The old cycling adage applies: you can never have too many bikes. So often it seems that as soon as we’ve bought our latest bike, we’re already looking at the latest machines on the market in preparation for our next purchase. The n+1 rule is king.
Perhaps you want to upgrade your current bike, or you want a machine designed for a specific job in hand. Perhaps a winter, gravel or touring bike. But your next purchase needn’t have to be a new bike - there’s also a booming market for second hand bikes looking for a good home.
However, buying second-hand can be a minefield, because you not only need to take into account the same considerations you would as when buying a new steed, but also make sure it’s fit for the job.
We’ve had a chat with second-hand bike dealers, west-country experts Julian House Bike Workshop, to help point you in the right direction.
Make sure it suits your needs
It sounds obvious, but no bike buyer’s tip list would be complete without ensuring you’re buying the bike that’s right for you. So forgive us if we seem to be repeating ourselves. However, Laura Thorne, head mechanic at Julian House Bike Workshop in Bath, is keen to stress this key point, too.
A bargain second-hand bike is only a bargain if it does what you need it to do. Consider things like the geometry (do you want a slammed, aggressive race bike, or a more relaxed endurance bike?), whether you want mudguard and rack mounts, tyre clearance - in fact, anything that would cross your mind when paying a new bike at full price.
“You need to know what the bike will be used for," Thorne says. “Are you going to be using it to potter around, going to the shops, or intend to do club riding on it? Eyelets for panniers may or may not be a factor for you, for example, and with the wide range of bikes you’ll find in second-hand shops knowing, what you actually will make use of is important."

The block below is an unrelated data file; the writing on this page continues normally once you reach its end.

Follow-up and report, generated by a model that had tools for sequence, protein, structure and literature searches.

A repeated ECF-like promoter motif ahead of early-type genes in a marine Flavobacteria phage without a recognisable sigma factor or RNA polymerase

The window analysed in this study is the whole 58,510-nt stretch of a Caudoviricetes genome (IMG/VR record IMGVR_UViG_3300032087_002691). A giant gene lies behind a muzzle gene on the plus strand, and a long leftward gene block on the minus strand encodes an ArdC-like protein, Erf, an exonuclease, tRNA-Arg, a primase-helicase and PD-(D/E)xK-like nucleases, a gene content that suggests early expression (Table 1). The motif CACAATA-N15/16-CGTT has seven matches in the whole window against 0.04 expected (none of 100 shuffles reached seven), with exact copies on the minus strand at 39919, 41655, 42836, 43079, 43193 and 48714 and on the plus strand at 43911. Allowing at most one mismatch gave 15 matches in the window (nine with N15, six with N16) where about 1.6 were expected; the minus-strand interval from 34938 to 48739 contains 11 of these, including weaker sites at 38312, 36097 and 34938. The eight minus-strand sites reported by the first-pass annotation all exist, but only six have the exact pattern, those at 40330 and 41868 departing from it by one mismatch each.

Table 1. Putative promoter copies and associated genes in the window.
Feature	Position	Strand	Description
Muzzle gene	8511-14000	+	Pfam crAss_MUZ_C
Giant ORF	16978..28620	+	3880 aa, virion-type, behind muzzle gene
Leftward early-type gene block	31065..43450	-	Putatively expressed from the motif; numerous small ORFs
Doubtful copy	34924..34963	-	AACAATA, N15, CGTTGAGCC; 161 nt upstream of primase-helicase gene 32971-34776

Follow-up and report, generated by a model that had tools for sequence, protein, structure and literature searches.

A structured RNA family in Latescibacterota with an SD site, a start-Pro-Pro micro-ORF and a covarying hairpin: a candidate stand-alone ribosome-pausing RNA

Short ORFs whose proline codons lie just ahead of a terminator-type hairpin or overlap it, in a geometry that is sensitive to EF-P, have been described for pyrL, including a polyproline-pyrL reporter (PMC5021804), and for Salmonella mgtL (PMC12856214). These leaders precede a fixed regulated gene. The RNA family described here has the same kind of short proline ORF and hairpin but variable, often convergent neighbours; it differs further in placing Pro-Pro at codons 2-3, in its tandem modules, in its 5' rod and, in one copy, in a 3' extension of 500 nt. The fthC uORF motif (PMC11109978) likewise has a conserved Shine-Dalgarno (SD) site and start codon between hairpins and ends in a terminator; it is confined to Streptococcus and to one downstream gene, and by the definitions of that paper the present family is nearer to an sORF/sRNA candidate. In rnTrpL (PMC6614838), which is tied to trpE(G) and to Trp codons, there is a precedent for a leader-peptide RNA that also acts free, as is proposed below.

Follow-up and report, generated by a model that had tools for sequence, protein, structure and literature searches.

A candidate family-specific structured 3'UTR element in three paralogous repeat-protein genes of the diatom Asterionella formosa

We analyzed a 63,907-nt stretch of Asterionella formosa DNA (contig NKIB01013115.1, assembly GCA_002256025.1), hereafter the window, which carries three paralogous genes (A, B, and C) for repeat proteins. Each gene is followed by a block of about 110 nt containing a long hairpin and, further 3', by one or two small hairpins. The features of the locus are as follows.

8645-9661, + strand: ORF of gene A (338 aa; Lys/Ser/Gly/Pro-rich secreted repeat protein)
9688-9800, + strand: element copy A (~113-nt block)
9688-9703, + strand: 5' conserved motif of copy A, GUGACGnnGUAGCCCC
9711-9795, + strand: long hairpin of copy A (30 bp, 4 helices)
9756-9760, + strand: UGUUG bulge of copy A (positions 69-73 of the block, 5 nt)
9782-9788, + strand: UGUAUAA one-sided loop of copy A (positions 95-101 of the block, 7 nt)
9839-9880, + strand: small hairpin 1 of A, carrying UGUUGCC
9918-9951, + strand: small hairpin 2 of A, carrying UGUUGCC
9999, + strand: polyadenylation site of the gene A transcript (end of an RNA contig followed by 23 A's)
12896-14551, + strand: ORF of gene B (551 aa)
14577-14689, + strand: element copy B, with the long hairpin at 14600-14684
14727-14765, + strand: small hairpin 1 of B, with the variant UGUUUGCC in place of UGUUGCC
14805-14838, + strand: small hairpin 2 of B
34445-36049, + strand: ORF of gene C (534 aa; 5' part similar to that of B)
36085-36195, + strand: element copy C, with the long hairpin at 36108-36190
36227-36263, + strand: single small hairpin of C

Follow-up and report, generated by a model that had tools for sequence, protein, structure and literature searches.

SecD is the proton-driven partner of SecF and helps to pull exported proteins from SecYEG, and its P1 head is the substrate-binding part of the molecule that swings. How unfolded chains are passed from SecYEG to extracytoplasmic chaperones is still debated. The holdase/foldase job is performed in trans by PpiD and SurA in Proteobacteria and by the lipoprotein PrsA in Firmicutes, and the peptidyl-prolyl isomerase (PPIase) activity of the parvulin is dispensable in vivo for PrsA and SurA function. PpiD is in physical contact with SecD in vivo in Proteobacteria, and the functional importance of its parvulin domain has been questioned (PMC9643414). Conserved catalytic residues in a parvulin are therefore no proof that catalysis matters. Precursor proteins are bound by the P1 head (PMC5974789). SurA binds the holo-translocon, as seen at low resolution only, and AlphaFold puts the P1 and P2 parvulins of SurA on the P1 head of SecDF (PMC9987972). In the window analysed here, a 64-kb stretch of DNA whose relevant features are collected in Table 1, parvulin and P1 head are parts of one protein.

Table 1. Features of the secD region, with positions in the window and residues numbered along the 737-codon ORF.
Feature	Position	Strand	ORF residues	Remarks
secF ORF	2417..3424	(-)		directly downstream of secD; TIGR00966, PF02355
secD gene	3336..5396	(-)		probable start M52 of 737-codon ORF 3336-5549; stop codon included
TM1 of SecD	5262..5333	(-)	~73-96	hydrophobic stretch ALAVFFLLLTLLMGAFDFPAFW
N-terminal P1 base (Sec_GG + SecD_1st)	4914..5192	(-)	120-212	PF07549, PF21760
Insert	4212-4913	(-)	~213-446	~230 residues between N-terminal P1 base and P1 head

Use a trusted source
Stands to reason - no-one wants to buy a bike from a shady character, second-hand or otherwise. If possible, getting hands-on with a second-hand bike is going to go along way to helping you alleviate doubts. Buying from a friend, or through word of mouth, likely means you’ll have seen the bike in action, or have a genuine chance to ride it properly before exchanging cash.
Generally, one of the most reliable sources for a second-hand bike is a bike shop, because it’s very likely that the bike will have been serviced and cleaned before being offered up for sale. They’ll also be familiar with the bike, and the work done to it, so you can get a feel for any underlying or potential issues by speaking to them. Other potential sources include your local club, classifieds and online forums.